I began my career as a registered nurse in 1974, the summer I graduated college and passed my board exams. This was one of the sundry times there was a nursing shortage, so I started to work as a new graduate in a very busy emergency department (ED) of a 500+ bed hospital. It was grand. The ED affords ample opportunity to see just about everything. And we saw a lot of patients with diabetes in those days, primarily adults in DKA. Another frequently seen diabetic-related emergency was hypoglycemia (“insulin shock,” as it was known then), and these patients all too often presented to the ED, unconscious, with seizures, and with a very low blood glucose. Many doses of D50 (dextrose 50%) were administered empirically to known patients with T1D presenting with these symptoms. Likely no state of unconsciousness is as easily and instantly reversed. Occasionally, a child would present to the ED and be diagnosed with type 1, but children were always admitted to pediatrics, and never hung around in the ED for very long.

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Rhonda Morgan, RN in the ED, 1981, preparing an IV

The adult type 1 patient in DKA was one of my favorite patients to manage and care for in the ED, because the course was so dynamic, and one could see the favorable results of treatment over a short period of time. One of the really great ED physicians, with whom I worked for many years, would elect to keep these patients in the ED and treat them, as opposed to admitting them to the hospital, if they did not have insurance. This was much more financially feasible for the patient and family, plus the patient had constant care.

In those days, we had no bedside (point of care) blood glucose testing. We tested for glucose in the urine of our patients with diabetes using clinitest tablets. The clinitest method involved shaking a tablet out of the bottle into the test tube (because you could not touch the tablet with your fingers), adding 6 drops of urine and 10 drops of sterile water and waiting for the chemical reaction to occur. The contents of the test tube would fizz and generate heat, and then change color. After 30 seconds, one would compare the color of the liquid in the test tube to a color chart to determine the corresponding blood glucose. The test was very imprecise, but none the less we used this method of testing for glucose, along with blood tests that were sent to the lab, and took an hour or more to get the results.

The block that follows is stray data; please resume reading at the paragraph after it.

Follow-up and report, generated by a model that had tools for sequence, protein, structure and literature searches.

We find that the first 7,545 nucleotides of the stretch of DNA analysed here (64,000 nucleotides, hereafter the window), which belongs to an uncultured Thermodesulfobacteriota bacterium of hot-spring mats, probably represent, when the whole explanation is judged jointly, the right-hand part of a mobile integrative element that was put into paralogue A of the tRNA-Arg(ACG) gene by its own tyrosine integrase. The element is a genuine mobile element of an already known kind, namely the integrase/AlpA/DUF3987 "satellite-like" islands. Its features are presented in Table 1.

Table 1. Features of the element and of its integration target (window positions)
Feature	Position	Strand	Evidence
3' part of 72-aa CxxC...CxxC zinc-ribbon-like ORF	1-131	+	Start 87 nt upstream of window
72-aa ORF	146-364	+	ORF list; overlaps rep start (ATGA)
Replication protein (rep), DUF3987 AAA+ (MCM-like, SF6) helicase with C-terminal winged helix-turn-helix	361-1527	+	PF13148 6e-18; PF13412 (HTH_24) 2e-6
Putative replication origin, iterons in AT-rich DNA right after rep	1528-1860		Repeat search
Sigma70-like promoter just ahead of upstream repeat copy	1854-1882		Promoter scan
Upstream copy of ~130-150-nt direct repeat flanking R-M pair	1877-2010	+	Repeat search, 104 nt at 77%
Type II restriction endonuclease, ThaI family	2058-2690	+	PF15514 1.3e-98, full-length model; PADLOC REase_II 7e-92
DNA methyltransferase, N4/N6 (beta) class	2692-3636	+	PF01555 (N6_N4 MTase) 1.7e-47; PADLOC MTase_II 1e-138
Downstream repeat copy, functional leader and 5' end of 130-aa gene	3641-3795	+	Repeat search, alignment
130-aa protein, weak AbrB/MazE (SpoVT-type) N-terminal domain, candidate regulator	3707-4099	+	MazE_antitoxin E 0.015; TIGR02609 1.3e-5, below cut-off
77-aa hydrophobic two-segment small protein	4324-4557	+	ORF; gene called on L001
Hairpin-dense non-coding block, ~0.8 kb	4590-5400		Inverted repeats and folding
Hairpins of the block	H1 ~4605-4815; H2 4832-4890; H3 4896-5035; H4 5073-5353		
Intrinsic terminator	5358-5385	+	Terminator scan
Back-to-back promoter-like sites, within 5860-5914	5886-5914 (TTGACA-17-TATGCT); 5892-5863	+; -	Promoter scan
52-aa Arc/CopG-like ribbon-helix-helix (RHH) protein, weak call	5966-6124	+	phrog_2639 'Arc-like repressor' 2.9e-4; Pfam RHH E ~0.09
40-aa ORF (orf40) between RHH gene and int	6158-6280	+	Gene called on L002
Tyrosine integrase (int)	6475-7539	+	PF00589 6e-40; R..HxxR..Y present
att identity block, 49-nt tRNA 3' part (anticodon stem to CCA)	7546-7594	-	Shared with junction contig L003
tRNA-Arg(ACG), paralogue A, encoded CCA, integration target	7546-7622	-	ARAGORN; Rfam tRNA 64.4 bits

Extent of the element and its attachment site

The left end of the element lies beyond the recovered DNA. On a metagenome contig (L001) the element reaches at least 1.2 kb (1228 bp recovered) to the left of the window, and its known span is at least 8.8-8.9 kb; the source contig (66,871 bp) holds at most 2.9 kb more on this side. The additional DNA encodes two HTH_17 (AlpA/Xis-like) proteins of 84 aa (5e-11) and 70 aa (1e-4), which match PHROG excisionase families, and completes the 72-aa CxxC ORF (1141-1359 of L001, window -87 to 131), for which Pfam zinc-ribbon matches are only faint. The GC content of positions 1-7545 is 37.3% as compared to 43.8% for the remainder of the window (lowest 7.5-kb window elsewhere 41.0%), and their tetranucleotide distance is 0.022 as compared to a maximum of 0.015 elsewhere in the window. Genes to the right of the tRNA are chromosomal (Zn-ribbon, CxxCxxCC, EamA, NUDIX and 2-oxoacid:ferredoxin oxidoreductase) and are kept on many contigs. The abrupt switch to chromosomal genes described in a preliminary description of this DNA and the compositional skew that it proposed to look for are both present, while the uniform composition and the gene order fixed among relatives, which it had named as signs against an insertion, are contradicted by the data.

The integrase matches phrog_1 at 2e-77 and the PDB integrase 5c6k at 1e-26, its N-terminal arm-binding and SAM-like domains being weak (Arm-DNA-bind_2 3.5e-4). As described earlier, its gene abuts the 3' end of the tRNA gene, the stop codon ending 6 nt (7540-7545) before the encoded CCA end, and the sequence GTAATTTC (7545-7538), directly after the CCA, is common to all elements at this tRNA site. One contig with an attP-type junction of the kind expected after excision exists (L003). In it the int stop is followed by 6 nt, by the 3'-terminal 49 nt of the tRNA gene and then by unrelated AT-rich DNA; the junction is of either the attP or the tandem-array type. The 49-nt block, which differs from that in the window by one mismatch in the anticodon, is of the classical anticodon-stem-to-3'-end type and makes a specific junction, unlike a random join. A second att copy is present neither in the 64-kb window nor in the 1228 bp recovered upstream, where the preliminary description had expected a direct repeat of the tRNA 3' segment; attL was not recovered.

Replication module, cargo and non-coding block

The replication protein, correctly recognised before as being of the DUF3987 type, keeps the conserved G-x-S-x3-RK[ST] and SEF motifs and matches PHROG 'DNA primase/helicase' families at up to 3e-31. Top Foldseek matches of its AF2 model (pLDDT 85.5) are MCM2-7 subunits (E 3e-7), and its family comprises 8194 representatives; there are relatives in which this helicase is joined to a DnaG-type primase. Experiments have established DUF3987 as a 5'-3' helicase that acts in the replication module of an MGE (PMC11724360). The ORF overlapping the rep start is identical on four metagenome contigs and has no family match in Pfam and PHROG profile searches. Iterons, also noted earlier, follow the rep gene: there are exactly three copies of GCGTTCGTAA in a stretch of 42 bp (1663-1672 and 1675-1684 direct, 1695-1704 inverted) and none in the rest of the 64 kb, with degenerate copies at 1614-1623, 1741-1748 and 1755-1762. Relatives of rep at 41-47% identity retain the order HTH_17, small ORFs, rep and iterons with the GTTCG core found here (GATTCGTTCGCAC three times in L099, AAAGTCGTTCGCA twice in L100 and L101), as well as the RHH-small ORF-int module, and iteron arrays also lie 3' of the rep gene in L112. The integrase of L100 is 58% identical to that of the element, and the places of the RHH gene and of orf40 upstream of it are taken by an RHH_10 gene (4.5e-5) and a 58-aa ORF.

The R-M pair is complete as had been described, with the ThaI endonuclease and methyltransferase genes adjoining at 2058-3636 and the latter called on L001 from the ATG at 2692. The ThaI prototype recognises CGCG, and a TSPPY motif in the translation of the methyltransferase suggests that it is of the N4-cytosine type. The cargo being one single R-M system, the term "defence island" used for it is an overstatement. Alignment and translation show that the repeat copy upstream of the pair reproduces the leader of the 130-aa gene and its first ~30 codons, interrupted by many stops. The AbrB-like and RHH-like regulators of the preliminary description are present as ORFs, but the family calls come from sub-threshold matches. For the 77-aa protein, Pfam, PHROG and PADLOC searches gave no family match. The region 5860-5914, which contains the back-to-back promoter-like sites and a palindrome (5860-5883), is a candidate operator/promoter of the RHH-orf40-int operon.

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A few years later, test strips were available, but again, this method tested for glucose in urine and was not a direct or current measurement of blood glucose. DNA recombinant (Humalog/Novalog) insulins and basal insulins were not yet developed. We had regular insulin, NPH, Lente insulin, and ultra-Lente, the last two being longer-acting insulins. All were bovine origin.

Later in my career, I worked in critical care as a clinical specialist and helped institute computerized, and then later, web-based algorithms to manage hyperglycemia of critical illness, prevalent in both diabetic and non-diabetic patients in the ICU.

So, I have been around a lot of folks with diabetes. I have managed treatment and cared for of a lot of folks with diabetes in DKA, and in critical illness situations. However, I knew nothing about how to manage and oversee the maintenance of T1D until my grandson, Henry, was diagnosed with T1D at the age of 3.

Then, I saw the “other side” of diabetes— the personal side, not the clinical rescue, critical, immediate treatment regimen, but the everyday, every night, day-in, day-out routines that must be undertaken to keep him safe in the immediate, and to offer the best odds of avoiding the long term complications of diabetes. This side of diabetes management is just as critical as the side of diabetes care with which I was so familiar.

Our entire family had a learning curve that was fast paced. It was not easy, and it is not for the short term. It is for life. Henry was started on multiple daily injections at diagnosis in March 2014. Needless to say, this approach was filled with anxiety and unpleasantness for all. Thanks to his smart and advocating parents, he got his insulin pump and continuous glucose monitor in late May, just shy of 3 months into his life with diabetes. The pump ushered in a new learning curve, and the continuous glucose monitor gave us an eye on previously unseen data.

How I wish Henry did not have to live his life with diabetes, but he does.

I think back to 1974 and putting those 6 drops of urine in the test tube and feeling the warmth of the chemical reaction in my hand, and I contrast that to a direct blood glucose value we get multiple times daily in just seconds, CGM data transmitted over an iphone around the world, and insulin delivered with a pump, and I am confident Henry can have a happy, healthy productive life.

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Henry and his Nonna in 2014